SUPERCON is about the fanboy and pop culture…
Yeah, it’s about conventions. It’s an interesting economy those conventions, they sort of stand alone right now, and there’s big ones, little ones, medium size. Some people I know make a pretty good living going to these cons. There’s a little bit of that in this movie. In the end it’s just a bunch of people, who all love the same stuff, getting together and having fun.
Being part of real cult movies, like HIGHLANDER and THE ADVENTURES OF BUCKAROO BANZAI ACROSS THE 8TH DIMENSION, what’s your take on this culture?
They’re just movie fans. People that love stuff like Buckaroo Banzai and Highlander are the same people that Supercon is about, and thank goodness, otherwise I would probably be flipping burgers someplace.
The funny thing is that pop culture today is looking back at the eighties, recently with THE ADVENTURES OF BUCKAROO BANZAI ACROSS THE 8TH DIMENSION having an important role in Steven Spielberg’s READY PLAYER ONE. What’s your opinion of this phenomenon and young people who are going to look back and watch those movies?
I haven’t seen Ready Player One, or read it, so I don’t know specifically what to say, but it’s not uncommon that people go over they shoulders and try to summon up what they perceive as the golden age or a better time or something like that. That’s happening now again, I mean, look at Guillermo's [del Toro] movies, The Shape of Water, we were big fans of Creature from the Black Lagoon and we saw it [The Shape of Water] as Creature from the Black Lagoon the sequel. You can build on that, and I think Guillermo does it really well. Spielberg does it to a certain extent. There’s some great filmmakers out there. It’s an evolution that goes on and on.
Well, BUCKAROO BANZAI is the favorite movie of READY PLAYER ONE’s protagonist…
Wow, very good.
Why do you think that movie in particular still resonates? I know Quentin Tarantino, Edgar Wright and Kevin Smith are huge fans.
I don’t know, what I can say is I think it just sort of struck people by surprise. It didn’t do any business when it first came out. But it sort of had something for everybody. It was very quirky and odd, when I read it I certainly couldn’t tell what was going on, it seemed to be satirical but at the same time it seemed to be sincere. In terms of anthropology, it’s kind of a nice little snapshot of the mid-eighties and that culture, you know? The clothes, the hair, the music and everything. They are talking about resurrecting it somehow, I think that would be very cool. We’ll see. It’s an interesting, good little movie, but it was very strange and weird, when studios were making strange and weird movies… now they don’t do that.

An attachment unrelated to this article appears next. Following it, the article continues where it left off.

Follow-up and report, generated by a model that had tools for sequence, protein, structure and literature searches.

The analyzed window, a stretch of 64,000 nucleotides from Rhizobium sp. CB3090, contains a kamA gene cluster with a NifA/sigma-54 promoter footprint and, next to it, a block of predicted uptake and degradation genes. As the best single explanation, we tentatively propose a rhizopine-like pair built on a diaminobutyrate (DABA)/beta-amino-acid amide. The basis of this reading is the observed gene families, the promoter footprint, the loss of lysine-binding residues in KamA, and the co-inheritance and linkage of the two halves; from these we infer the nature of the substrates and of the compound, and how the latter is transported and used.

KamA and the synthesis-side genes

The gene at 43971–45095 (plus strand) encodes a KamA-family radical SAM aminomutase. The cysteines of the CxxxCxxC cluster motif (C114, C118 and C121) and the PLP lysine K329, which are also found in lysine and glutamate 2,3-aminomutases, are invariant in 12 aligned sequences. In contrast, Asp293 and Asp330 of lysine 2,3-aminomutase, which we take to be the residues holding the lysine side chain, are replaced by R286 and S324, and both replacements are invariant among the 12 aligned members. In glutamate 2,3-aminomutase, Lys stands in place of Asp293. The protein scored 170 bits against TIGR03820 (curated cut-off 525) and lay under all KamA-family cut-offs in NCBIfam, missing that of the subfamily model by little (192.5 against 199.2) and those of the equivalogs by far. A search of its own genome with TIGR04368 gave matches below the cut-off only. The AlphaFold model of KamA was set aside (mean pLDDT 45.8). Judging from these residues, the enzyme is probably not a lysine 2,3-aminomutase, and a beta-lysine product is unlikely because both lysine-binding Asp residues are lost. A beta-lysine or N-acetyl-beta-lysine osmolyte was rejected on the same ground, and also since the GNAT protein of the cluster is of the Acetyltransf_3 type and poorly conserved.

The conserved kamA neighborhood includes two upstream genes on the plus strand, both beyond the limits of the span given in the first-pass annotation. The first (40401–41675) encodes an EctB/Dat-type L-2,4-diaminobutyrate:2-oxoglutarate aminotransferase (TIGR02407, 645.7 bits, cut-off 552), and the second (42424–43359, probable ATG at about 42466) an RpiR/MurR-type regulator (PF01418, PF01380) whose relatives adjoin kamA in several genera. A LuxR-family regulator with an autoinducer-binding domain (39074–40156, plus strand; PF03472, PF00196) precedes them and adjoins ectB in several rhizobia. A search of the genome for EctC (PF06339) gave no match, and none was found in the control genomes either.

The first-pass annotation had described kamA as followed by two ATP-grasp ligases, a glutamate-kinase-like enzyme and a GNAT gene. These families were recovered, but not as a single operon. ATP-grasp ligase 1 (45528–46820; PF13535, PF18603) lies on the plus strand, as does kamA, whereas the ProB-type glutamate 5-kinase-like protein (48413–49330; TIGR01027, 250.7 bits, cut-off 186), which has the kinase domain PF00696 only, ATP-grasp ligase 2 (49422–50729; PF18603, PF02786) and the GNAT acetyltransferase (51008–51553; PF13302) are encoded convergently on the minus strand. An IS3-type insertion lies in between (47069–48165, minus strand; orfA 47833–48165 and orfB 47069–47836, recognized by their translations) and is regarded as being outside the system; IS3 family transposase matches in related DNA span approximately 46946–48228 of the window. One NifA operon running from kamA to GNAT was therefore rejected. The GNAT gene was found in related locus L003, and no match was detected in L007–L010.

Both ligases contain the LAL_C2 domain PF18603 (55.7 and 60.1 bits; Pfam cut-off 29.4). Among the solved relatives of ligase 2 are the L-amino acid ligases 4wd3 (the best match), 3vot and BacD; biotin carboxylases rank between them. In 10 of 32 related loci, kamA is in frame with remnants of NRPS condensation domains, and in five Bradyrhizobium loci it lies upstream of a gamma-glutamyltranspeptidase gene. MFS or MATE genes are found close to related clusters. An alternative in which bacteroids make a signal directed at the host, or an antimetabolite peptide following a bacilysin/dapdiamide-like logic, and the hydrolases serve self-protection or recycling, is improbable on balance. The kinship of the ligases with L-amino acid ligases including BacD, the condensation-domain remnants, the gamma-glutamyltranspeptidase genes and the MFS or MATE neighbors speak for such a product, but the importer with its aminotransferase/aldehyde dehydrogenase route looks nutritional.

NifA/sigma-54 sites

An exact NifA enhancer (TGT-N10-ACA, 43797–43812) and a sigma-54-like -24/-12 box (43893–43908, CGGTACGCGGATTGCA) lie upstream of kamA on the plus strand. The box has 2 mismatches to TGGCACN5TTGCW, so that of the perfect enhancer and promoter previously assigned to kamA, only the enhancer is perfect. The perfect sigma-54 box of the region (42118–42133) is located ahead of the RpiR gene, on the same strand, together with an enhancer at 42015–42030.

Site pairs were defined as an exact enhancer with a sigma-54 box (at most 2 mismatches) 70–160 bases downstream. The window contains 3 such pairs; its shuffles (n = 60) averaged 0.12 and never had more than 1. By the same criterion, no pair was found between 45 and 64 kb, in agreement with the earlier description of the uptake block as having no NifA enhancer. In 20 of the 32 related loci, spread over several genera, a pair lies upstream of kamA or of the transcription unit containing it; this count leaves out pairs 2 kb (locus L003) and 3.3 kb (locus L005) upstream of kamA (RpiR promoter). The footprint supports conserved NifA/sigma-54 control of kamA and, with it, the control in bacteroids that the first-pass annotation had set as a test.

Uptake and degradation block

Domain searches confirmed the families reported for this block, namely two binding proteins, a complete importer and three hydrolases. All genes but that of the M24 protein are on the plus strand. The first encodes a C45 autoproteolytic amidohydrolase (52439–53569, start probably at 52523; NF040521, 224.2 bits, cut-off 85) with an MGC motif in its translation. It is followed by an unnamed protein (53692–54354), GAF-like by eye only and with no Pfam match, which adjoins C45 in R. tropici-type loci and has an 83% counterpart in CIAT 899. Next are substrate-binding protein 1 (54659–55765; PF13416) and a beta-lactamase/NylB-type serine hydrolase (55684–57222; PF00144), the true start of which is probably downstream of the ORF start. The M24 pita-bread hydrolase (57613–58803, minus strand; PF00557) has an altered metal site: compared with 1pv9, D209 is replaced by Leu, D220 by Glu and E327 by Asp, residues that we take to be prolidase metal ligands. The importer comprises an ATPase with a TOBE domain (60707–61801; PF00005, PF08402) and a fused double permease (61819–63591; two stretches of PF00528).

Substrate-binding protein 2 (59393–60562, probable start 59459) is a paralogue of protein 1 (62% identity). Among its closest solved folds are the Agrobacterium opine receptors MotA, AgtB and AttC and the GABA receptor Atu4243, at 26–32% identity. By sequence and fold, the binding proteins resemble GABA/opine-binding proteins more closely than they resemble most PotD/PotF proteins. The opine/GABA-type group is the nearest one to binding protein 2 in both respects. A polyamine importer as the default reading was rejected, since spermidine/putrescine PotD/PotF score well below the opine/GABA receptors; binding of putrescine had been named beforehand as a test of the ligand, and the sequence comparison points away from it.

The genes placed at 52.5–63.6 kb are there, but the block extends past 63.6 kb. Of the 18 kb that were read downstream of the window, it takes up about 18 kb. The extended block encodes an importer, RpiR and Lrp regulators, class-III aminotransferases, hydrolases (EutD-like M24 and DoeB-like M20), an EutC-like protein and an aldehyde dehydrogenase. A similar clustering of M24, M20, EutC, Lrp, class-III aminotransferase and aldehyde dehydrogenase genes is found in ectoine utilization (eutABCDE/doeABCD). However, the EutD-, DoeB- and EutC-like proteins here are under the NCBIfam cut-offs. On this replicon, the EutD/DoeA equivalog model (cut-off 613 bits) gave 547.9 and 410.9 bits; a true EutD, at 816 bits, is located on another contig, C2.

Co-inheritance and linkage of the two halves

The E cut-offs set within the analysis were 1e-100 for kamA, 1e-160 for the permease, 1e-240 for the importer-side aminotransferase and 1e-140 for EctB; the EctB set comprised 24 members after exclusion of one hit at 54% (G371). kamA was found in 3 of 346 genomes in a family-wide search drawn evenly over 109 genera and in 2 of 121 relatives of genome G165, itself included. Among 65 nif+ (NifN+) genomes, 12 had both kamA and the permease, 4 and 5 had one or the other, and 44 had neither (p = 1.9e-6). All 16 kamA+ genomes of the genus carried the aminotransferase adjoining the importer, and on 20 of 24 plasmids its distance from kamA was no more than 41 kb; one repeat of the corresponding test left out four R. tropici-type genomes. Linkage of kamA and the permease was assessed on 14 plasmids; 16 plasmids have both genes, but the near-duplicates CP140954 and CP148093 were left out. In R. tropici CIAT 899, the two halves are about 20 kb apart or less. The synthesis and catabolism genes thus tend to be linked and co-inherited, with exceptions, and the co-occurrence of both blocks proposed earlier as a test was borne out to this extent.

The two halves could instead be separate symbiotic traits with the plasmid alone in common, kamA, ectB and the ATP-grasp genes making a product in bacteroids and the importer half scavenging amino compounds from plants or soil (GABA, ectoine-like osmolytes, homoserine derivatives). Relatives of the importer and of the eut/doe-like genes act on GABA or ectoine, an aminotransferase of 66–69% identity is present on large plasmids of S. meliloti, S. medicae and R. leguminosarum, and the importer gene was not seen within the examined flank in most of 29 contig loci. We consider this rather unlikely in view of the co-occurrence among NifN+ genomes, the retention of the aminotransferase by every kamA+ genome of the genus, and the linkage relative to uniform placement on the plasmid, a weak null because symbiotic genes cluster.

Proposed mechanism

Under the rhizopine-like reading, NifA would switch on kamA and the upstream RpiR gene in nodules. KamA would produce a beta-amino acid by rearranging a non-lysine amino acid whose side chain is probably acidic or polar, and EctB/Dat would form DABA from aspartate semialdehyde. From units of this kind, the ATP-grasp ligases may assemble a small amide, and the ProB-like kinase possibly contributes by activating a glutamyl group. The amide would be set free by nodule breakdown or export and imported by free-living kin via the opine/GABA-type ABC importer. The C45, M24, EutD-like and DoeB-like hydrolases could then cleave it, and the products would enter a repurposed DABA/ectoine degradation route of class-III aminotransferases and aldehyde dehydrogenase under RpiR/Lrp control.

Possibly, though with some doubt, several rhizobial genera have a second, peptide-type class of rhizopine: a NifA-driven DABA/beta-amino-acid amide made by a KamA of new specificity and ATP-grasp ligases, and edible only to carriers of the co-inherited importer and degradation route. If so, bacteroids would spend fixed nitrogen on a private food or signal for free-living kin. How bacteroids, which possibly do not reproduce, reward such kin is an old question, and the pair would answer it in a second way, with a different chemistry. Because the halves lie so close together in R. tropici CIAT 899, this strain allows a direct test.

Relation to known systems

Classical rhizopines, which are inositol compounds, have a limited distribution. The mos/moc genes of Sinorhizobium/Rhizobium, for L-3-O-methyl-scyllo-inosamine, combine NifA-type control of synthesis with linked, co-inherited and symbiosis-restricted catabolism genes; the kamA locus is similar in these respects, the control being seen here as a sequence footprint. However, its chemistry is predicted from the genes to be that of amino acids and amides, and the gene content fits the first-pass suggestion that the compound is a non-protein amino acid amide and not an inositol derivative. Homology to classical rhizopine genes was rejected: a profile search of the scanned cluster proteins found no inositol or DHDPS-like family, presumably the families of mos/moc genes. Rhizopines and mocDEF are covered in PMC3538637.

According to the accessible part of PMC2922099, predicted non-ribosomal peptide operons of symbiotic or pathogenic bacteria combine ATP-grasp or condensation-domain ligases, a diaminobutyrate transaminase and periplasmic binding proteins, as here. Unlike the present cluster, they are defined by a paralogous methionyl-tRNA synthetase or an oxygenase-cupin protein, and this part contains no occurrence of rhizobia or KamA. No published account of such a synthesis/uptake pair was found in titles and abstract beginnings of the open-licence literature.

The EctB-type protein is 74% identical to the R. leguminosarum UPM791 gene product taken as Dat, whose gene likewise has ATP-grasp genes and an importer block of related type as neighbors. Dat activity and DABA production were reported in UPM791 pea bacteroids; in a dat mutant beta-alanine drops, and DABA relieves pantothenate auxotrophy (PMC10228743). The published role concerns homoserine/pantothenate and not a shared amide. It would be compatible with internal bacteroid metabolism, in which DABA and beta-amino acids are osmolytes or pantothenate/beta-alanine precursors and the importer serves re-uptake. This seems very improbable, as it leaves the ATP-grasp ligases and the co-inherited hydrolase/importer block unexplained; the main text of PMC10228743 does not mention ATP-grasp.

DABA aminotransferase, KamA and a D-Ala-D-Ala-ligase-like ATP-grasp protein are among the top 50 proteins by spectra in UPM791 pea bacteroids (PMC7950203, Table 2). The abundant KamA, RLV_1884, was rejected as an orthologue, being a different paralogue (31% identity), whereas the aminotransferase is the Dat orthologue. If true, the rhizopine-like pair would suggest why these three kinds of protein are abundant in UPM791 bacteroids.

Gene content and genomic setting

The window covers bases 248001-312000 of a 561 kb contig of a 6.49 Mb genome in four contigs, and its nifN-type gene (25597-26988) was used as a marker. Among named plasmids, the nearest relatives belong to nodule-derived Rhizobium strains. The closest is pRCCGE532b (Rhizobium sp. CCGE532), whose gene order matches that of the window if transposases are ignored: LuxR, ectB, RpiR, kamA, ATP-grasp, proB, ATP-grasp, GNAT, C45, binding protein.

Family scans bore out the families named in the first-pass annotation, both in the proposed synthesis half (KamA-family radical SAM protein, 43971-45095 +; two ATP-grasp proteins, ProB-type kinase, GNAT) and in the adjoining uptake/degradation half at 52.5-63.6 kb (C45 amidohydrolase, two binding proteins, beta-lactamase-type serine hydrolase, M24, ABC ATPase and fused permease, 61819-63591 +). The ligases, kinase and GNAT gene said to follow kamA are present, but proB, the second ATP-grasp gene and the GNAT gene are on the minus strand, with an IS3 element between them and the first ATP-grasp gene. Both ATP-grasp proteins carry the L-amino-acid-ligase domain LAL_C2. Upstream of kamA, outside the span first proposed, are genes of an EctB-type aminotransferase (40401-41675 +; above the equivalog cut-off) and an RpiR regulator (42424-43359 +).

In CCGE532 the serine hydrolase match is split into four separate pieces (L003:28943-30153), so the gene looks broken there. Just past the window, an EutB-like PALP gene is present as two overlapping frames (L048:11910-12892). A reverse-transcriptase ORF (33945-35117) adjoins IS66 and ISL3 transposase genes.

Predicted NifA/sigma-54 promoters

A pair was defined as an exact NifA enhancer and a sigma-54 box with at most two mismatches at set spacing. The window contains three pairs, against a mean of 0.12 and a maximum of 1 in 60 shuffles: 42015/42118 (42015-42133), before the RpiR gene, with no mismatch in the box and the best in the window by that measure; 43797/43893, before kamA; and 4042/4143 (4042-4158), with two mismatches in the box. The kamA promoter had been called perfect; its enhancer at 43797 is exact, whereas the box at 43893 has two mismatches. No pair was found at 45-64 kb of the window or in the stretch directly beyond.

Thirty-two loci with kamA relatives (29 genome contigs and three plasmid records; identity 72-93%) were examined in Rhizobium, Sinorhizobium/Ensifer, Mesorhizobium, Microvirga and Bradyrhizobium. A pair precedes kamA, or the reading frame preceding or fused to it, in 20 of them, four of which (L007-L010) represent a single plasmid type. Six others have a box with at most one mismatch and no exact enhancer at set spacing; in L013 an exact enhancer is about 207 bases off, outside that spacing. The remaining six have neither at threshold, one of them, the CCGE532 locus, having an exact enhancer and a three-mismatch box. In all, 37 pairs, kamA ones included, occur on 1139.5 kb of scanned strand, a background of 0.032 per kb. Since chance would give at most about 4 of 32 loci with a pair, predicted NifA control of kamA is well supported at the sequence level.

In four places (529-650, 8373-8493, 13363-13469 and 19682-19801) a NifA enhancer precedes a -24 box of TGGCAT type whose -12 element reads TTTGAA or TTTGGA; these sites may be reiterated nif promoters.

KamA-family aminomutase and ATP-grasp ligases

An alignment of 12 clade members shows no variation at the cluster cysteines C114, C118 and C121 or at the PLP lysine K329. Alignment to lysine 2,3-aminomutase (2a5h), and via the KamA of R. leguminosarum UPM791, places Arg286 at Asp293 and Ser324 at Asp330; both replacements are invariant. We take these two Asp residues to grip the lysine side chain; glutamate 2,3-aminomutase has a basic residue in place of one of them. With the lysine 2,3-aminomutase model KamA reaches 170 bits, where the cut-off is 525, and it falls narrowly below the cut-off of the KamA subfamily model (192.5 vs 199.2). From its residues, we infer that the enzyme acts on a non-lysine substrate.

Talking about film studios, you were just part of the Marvel Cinematic Universe with THOR: RAGNAROK, and now you’re back doing a little comedy film. How does that work for you nowadays?
Oh, I do whatever they want. I’ve done some animation stuff, but Thor: Ragnarok was the first time anybody asked me to do a Marvel movie. Taika [Waititi] makes really quirky little movies, he’s terrific, and I love his little movies. When he called me and asked me to do the voice of Surtur, I said, you’re a great filmmaker but why did they ask you? [Imitating Waititi’s voice] I have no idea, mate, but I’m having a great time doing it.
I think as long as you stay in the line that Marvel and Disney draw for you, somebody like Taika or [Jon] Favreau can make a really good movie as long as he doesn’t go too far out of bounds. And then you just get on and do quirky little movies, like Favreau after Iron Man and Cowboys & Aliens and all the big budget movies, he went and made Chef, a terrific movie.
Thank God people like Taika are out there, getting the big payday and then they can go do their little movies. Taika is a great example… Sam Neill made Jurassic Park, right? That was the biggest movie ever, then that whole franchise, then he went and did Hunt for the Wilderpeople for Taika, who was nobody then. And I think he’s the best he has ever been, Sam Neill in that one. Actors fit into whatever shape you want for us.
What does it mean to you to be considered as one of the greatest character actors?
Who thinks that? [Laughs]. I’ve got a list that’s way ahead of me so I don’t know if that’s true. I’m just a dude that does a job, you know? I’m still working on being good… when I become one of the greatest character actors and think of myself that way, I’ll let you know. But I’m still thriving, still figuring out every role.
Supercon is in theaters and on VOD and Digital HD today. Available on DVD June 5th.